The GRI Standards are the world’s most widely used sustainability reporting standards: 80% of the world’s 250 largest companies use them to report. They identify their most important impacts and proceed by measuring, managing and changing. The GRI Standards are not a box ticking exercise: they can be used by any company, regardless of size, sector or location, not only to get a clearer picture of future risks and challenges, but also to identify and act on opportunities. Responsible sustainability reporting is like having your radar switched on.
A growing number of companies are overwhelmingly choosing sustainable products and services
A key insight is that a growing number of companies, who are sustainability reporters (and responsible individuals), are overwhelmingly choosing sustainable products and services. Most importantly, sustainability reporters are choosing to do business with companies that tie in well with their sustainability efforts. Research by well-recognized institutions shows that sustainability is an emerging megatrend. In addition to supply chain pressure, regulators are forcing companies to disclose non-financial information (in the EU, all large companies are required to report).
Moreover, companies who are reporting, in their effort to reduce their impacts even further, investigate and chose products and services that help them to do so.
How Desso gains a competitive advantage by controlling recycling
Consider Desso, which, by leasing carpets, is better able to ensure products are returned for recycling. By offering customers (e.g. hotel chains, governments, corporate offices, retail outlets, and healthcare) the option to lease rather than own carpets, Desso controls recycling and helps customers demonstrate, in their sustainability reports, how they manage to reduce even further their own impacts. Other carpet manufacturers who are not able to offer such solutions are doing so to their own detriment.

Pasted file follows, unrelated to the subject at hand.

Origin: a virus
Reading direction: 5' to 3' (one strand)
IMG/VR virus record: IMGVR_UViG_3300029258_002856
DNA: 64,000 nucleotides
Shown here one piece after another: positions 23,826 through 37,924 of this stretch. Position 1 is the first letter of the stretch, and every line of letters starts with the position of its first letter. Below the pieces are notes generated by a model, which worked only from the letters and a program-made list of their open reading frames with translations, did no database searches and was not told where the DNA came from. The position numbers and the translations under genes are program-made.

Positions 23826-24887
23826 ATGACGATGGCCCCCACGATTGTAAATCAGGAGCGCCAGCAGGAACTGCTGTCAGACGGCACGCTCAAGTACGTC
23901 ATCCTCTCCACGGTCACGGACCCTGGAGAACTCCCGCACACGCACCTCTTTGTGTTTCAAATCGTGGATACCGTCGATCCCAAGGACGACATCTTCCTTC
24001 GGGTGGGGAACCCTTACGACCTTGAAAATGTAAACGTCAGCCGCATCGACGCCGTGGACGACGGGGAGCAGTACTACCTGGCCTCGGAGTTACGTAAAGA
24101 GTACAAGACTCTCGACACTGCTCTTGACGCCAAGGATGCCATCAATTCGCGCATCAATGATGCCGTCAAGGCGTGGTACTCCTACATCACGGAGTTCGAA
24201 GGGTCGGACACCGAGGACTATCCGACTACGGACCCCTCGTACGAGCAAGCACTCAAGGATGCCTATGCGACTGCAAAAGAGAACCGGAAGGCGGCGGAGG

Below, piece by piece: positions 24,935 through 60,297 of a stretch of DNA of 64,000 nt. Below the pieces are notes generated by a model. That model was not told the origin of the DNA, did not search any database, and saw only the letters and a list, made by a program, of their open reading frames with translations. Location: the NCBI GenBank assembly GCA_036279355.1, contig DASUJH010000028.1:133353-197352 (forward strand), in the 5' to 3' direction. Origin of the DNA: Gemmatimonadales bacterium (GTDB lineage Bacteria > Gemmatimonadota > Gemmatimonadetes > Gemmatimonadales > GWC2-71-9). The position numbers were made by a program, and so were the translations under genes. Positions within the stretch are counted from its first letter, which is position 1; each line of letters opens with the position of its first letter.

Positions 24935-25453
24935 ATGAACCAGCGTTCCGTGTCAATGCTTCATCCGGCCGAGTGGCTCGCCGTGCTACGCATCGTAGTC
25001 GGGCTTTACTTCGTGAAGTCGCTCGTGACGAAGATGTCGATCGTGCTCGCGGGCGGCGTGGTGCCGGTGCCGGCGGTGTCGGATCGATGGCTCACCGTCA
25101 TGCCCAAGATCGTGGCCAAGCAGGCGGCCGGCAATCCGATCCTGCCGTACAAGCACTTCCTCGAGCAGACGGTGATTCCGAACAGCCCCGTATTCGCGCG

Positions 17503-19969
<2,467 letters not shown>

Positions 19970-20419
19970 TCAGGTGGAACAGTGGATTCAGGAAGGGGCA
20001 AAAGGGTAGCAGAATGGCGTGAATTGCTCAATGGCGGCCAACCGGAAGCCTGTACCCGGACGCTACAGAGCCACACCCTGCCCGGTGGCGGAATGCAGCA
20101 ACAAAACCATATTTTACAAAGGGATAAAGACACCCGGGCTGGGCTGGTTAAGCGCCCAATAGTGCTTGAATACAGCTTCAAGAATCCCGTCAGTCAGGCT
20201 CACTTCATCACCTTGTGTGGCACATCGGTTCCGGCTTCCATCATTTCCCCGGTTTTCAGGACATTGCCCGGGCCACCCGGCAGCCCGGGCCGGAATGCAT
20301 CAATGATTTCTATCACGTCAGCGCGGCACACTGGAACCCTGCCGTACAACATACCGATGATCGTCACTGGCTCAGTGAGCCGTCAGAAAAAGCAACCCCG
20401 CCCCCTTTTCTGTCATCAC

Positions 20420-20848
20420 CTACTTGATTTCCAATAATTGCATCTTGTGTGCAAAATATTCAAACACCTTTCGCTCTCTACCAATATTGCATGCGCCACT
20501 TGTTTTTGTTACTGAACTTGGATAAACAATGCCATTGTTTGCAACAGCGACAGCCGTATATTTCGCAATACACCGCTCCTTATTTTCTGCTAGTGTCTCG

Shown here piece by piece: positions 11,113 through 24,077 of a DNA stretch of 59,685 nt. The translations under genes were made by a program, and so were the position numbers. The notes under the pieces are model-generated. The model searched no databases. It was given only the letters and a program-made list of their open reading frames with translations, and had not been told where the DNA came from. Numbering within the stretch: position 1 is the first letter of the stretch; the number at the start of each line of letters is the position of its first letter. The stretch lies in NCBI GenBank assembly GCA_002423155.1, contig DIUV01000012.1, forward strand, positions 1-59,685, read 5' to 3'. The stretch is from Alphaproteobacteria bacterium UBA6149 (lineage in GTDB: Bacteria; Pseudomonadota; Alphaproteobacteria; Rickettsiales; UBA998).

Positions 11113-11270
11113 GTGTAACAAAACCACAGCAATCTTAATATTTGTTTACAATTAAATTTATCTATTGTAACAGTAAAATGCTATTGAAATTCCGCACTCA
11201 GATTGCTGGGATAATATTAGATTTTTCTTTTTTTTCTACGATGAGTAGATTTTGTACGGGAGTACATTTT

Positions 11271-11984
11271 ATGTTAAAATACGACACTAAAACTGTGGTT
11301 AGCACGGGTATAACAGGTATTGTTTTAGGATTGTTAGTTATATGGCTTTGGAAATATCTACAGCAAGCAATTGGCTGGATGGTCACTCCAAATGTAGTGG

How did Coca-Cola handle problems with its bottled water business in Japan?
“Minaqua”, Coca-Cola’s bottled water brand in Japan, was suffering because it was not connecting to two key insights:
- In Japan, recycling is not a nice-to-have, it’s a way of life
- Real estate: a typical unit in Tokyo, which is home to 13 million people, is about 70 sq.m.
In 2009, Coca-Cola introduced an all-new Japanese bottled water brand, ILOHAS, whose bottles weighed just 12 grams when empty (40% less than the company’s other plastic bottles), and additional benefits included:
- a 3,000 tons reduction in the amount of carbon dioxide produced during the manufacturing process
- lighter delivery loads
- recycling shipments with less wasted air
- a smaller number of waste disposal emissions
As the ILOHAS bottle is so light, it can easily be twisted by hand into a thin, gnarly scrap of plastic, and take up significantly less room in recycling bins. Coca-Cola’s simple promotion message, “1. Choose 2. Drink 3. Twist 4. Recycle” went viral in Japan, with consumers posting videos on YouTube featuring them twisting. The product sales spiked by double digits in less than six months, along with a dramatic rise in recycling.
I invite you to take action, identify your most important impacts, measure, manage, and change and become, with your positive contribution, part of a positive chain reaction that is changing our world.
MBA Marketing, Fellow of the Chartered Institute of Marketing, GRI Nominated Trainer, IEMA Approved Trainer
This article was compiled using the case studies below. For the sake of readability, we did not use brackets or ellipses but made sure that the extra or missing words did not change the original meaning. If you would like to quote these written sources from the original please revert to the following links:
1) Case study: How Desso designs and produces recyclable products containing recycled content, www.sustaincase.com
2) Design to grow (David Butler & Linda Tischler 2015)